BOB: No, she says "Decemba."
MIKE: [laughing] You really are bad at that.
BOB: [laughing] But you know what? I can parallel park like nobody's business and I can open any jar with simple wrist action, so it's not like I have no skills. It's just, you know, I can't do the New York accent.
MIKE: The other place where the r is most likely to disappear is in the middle of a word when it's preceded by a vowel and followed by a consonant. You wanna give it a shot? Rhoda doesn't say "born."
BOB: No, she says—uh, here we go again—"bawn."
MIKE: Very nice. Now, with just about every topic we talk about on this podcast, we could probably do 50 shows on the letter r and, you know, maybe 10 or 20 of those on the phenomenon of dropping ones Rs. But for the remainder of this episode and the next one I wanna focus on a kind of longitudinal study of r-dropping in New York. First, though, let's take a break here and talk about our sponsor Audible.com.
MIKE: Let's, Bob, forget about language for a moment. In the early 1950s, a sociologist named C. Wright Mills published a book called White Collar. It was about the American middle classes. He suggested in this book that middle class people in particular, when they come into contact with people of a somewhat higher class or higher status, they will "borrow prestige" from them. That's the phrase he used.
BOB: Uh, yeah, that scans. I mean I think that's the entire business model of the Ralph Lauren empire, right?
MIKE: [laughing] Yeah, I think you're probably right. Mills wrote, "The tendency of white collar people to borrow status from higher elements is so strong that it has carried over to all social contacts and features of the work-place." He then went on to name a specific workplace: Department stores. He said that salespeople "frequently attempt ... to borrow prestige from their contact with customers." And that a salesperson "who works on 34th Street cannot successfully claim as much prestige as the one who works on Fifth Avenue." Now, about a decade later, in the early 1960s, a man who is now known as one of the founders really of modern sociolinguistics, William Labov, wondered whether this borrowing of prestige—by department store employees, for example—might be evidenced in language.
BOB: So, like the haughty maître d' or the floor walker at Saks Fifth Avenue. Because the people you're catering to are high-toned and affluent, you draw power from that.
MIKE: Yeah, exactly. You draw power. You draw dignity. You draw prestige, as Mills would say. So, here is what William Labov did in attempting to sort of ferret out whether there was a kind of linguistic analogue here. He identified three department stores that were "clearly stratified," as he put it, which is perhaps a delicate way of saying they have different kinds of customers. First, Saks Fifth Avenue at the high end. Macy's in Herald Square in the middle. And at the low end a discount department store on 14th Street called S. Klein, which is no longer around. These stores, as he points out, advertised very differently in newspapers at the time, for example. Saks could be found in the New York Times and not at all in the Daily News. Macy's advertised quite a bit in both papers, S. Klein almost exclusively in the Daily News. They were also priced differently of course. For example, women's dresses ran about $15 dollars in Macy's at the time, about $5 at S. Klein. He wrote, "Saks is the most spacious ... with the least amount of goods displayed. Many of the floors are carpeted, and on some of them, a receptionist is stationed to greet customers. Klein, at the other extreme, is a maze of annexes, sloping concrete floors [and] low ceilings; it has the maximum amount of goods displayed at the least possible expense." You know, Bob, when I was kid one of my favorite TV shows was “All in the Family.” Edith Bunker shopped at S. Klein.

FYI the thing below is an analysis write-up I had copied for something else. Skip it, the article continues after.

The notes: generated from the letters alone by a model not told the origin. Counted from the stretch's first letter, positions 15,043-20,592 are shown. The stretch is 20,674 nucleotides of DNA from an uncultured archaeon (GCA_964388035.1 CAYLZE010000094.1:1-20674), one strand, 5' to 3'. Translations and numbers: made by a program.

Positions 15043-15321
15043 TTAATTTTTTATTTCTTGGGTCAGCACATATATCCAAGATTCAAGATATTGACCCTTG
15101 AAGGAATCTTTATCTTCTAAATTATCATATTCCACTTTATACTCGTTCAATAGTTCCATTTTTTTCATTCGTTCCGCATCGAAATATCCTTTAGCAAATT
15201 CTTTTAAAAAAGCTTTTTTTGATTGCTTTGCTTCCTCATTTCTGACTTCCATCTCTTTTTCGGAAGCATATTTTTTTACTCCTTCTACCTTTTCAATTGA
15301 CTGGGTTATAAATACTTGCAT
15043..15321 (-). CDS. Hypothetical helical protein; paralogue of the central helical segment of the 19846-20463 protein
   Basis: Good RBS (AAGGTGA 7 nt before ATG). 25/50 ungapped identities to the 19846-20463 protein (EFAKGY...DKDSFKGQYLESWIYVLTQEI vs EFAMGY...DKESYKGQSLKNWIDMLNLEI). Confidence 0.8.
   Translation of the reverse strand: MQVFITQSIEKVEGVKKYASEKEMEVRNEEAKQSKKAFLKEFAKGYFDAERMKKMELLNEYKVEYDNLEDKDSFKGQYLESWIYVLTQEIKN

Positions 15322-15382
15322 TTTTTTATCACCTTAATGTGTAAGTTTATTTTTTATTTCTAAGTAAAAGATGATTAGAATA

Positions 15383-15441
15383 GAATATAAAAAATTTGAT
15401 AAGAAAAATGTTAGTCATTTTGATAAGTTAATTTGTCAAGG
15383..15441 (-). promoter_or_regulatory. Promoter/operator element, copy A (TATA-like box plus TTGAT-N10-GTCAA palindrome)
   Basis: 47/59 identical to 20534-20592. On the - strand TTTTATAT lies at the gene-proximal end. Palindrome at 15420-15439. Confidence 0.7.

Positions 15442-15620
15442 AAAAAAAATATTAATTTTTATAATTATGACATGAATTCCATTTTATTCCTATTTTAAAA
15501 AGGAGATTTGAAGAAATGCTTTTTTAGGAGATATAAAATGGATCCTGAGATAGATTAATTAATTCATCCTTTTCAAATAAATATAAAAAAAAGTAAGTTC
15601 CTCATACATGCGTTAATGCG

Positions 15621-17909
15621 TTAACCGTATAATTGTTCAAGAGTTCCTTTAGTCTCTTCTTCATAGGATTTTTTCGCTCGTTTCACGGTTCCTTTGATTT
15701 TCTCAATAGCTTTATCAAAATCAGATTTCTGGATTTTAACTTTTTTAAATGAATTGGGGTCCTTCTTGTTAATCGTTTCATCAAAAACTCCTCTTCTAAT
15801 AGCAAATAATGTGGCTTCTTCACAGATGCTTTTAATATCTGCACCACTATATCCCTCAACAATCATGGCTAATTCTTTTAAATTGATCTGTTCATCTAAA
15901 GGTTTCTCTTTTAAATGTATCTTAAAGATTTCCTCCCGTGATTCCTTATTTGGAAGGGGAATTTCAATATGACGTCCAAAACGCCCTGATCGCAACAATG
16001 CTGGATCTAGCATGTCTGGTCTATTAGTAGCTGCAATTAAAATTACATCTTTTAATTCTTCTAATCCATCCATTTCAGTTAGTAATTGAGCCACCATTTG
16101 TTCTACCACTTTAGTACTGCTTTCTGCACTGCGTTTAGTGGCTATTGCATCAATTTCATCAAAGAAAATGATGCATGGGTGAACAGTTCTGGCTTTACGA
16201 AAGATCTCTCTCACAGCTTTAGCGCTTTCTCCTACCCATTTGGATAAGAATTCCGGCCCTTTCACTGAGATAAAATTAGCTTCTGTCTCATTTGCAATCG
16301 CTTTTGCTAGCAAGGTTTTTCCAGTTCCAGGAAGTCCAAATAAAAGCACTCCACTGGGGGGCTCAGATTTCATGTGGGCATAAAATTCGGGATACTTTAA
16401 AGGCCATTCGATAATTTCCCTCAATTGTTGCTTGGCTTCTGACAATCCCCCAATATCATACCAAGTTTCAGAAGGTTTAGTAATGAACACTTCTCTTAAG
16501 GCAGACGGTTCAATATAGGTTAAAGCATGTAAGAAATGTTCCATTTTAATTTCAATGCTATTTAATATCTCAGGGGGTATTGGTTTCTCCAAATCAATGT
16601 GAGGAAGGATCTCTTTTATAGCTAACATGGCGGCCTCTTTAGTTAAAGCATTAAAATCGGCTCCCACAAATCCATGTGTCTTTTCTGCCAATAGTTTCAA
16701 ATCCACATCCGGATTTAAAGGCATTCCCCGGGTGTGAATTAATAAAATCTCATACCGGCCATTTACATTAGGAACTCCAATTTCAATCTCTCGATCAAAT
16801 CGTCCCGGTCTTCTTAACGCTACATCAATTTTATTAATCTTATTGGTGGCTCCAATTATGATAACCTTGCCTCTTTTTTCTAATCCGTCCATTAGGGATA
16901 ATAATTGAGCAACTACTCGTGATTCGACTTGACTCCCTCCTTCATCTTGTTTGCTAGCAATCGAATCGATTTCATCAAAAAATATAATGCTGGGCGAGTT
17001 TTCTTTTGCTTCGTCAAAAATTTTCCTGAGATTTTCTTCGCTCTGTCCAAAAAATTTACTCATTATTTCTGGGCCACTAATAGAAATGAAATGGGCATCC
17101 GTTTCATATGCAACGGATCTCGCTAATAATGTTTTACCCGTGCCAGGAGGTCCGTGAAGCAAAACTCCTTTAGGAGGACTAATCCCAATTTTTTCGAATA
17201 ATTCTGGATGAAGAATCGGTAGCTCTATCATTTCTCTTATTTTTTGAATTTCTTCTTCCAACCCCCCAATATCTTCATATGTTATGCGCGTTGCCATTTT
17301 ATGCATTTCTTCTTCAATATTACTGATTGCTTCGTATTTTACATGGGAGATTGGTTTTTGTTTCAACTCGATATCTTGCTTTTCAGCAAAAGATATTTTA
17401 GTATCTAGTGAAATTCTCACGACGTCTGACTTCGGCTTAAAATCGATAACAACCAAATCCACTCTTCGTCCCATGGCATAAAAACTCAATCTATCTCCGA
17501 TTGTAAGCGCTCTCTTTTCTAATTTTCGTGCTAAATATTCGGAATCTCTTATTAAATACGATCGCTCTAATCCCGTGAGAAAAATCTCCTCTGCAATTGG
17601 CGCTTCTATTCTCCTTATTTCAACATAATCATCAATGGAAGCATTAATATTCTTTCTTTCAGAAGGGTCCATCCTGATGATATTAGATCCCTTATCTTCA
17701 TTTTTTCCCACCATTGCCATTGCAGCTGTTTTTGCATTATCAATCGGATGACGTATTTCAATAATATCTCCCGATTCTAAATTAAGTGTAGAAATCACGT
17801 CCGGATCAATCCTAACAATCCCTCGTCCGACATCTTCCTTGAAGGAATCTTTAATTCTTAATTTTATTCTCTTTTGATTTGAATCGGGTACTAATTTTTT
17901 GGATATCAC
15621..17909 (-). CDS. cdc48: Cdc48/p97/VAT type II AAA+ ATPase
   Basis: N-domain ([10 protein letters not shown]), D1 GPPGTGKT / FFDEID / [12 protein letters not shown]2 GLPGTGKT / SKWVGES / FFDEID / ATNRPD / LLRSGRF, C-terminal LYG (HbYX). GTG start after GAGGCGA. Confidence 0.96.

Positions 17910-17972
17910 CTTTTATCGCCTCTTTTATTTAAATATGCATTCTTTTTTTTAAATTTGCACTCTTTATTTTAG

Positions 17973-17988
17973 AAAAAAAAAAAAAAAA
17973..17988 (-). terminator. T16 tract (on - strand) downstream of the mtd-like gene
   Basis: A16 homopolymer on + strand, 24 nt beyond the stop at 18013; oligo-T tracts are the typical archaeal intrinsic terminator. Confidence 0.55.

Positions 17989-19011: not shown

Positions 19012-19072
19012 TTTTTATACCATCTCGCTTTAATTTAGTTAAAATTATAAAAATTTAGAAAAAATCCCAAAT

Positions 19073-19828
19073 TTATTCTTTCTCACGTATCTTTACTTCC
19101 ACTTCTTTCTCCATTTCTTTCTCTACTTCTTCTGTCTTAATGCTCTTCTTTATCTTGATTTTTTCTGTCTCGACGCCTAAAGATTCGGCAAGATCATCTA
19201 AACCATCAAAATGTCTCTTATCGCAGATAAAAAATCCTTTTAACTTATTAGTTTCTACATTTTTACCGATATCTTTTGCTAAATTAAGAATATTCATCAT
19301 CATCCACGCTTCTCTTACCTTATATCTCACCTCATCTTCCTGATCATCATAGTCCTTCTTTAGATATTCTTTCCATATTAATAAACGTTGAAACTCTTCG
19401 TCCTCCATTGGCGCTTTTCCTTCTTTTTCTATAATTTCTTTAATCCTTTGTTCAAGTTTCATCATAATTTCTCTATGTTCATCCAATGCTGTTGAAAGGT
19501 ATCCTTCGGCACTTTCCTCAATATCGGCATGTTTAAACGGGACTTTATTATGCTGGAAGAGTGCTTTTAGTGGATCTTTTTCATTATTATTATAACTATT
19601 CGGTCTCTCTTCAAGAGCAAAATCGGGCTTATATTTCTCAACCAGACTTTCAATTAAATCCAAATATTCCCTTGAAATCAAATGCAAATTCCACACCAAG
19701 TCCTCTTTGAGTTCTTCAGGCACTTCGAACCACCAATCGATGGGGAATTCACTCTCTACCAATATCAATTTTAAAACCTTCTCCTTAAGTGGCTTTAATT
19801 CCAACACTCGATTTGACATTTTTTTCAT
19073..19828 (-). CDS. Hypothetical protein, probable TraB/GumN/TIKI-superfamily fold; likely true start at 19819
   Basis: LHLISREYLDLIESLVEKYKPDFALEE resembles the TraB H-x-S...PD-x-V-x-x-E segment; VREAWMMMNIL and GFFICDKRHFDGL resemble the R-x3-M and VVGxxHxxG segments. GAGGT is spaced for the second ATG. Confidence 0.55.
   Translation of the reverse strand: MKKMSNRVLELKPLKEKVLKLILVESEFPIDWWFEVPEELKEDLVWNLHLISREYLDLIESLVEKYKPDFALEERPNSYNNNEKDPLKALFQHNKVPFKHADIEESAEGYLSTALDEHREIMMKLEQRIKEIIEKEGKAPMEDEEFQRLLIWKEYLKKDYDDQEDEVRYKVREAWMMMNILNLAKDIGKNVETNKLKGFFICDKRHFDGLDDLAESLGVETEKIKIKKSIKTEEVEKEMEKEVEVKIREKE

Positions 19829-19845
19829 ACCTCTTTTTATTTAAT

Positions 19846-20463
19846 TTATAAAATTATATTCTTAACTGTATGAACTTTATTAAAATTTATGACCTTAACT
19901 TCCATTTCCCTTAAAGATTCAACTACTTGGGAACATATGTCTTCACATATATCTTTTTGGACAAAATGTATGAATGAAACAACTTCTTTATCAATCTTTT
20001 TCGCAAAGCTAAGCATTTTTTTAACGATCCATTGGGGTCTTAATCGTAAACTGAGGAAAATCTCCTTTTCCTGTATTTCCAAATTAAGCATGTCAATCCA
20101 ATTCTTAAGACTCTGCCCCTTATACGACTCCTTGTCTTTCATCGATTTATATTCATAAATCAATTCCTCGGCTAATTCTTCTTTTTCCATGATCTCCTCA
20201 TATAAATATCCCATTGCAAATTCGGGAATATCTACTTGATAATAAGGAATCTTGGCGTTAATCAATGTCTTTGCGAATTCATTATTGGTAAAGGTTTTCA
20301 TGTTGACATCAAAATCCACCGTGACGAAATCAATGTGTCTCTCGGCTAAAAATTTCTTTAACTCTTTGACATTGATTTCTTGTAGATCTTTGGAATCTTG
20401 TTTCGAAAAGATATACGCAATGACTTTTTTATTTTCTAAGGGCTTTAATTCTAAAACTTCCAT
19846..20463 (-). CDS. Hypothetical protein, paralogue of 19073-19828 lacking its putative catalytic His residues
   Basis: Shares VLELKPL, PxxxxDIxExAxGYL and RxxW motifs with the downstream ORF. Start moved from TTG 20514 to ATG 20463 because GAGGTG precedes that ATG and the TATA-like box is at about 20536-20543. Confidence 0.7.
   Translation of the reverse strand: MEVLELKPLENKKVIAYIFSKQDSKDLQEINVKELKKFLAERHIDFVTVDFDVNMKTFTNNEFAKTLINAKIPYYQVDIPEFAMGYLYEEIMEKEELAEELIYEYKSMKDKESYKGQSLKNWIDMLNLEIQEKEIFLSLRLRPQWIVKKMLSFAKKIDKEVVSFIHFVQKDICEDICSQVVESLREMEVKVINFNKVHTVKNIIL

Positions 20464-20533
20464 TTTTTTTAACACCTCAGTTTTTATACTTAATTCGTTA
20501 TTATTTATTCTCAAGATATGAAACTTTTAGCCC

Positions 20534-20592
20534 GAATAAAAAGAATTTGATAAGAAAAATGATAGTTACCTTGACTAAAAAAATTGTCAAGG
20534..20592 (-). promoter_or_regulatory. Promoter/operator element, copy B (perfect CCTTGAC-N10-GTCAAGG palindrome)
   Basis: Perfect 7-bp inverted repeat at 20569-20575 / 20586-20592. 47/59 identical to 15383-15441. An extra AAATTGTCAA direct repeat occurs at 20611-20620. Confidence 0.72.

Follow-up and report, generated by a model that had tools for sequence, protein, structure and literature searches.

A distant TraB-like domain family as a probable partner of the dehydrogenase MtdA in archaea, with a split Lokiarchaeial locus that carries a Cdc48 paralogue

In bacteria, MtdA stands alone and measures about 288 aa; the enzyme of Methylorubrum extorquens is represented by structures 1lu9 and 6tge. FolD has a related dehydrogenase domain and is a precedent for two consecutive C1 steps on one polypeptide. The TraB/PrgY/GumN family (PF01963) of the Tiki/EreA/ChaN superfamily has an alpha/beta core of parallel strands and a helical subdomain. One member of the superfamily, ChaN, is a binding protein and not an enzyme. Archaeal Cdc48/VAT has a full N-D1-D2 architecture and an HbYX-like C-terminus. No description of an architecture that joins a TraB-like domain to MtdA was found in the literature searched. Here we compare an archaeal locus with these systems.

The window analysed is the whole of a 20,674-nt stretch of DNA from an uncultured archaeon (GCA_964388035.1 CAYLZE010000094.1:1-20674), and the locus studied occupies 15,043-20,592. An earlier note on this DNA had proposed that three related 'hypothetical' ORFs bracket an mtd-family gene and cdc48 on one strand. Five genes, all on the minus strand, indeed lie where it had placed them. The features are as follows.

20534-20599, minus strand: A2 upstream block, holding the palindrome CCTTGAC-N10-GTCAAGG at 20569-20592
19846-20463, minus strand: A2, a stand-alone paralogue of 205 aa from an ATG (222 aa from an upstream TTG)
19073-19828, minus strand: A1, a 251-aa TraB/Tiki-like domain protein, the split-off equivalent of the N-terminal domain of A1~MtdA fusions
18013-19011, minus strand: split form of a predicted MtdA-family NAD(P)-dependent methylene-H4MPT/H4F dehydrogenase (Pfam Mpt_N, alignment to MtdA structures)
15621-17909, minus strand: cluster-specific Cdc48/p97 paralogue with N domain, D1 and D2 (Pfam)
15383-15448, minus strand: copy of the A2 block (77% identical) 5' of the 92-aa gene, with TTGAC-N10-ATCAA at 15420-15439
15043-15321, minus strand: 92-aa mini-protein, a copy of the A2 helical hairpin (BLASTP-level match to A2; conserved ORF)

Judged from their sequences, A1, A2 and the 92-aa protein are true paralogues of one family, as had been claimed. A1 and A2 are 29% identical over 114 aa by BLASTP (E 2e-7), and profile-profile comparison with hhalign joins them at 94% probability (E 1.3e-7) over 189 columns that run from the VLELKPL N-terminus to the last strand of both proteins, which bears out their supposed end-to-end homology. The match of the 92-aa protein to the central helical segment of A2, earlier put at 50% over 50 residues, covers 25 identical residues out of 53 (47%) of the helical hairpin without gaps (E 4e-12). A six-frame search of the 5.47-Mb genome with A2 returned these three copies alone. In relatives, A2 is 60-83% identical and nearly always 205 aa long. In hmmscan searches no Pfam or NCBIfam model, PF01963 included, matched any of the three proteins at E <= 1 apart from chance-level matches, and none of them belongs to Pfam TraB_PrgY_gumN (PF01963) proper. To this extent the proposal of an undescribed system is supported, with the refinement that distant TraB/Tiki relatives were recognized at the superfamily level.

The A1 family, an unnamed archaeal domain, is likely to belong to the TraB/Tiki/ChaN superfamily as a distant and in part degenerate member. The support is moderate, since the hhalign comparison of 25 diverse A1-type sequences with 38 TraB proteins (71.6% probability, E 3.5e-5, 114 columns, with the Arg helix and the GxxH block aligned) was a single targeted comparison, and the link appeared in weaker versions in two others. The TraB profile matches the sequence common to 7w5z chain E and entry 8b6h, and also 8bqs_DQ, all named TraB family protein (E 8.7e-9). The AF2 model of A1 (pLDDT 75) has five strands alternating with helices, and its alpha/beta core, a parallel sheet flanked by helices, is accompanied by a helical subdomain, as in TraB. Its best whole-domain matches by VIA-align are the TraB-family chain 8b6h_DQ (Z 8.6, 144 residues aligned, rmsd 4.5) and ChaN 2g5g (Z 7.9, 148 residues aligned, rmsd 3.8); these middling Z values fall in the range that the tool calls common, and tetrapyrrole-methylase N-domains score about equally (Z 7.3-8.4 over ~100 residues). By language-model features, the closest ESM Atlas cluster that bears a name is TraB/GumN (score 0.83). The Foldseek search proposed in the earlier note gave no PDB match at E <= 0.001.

BOB: [laughing] Oh, I'll bet she did. S. Klein is gone but it's counterparts exist still today, right ...
BOB: ... in lower Manhattan. These warrens of annexes and with clothes just essentially dumped onto countertops.
MIKE: Yeah, and you know on a personal note, S. Klein opened in 1921, which is the year that one of my grandmothers arrived in this country at Ellis Island and she lived for a time on the Lower East Side. And in my sort of poetic re-imagining of that year she may have bumped into Edith Bunker at the store there. Of course, they probably wouldn't have been able to say anything to each other. My grandmother didn't speak any English when she arrived and I don't think Edith Bunker spoke Yiddish.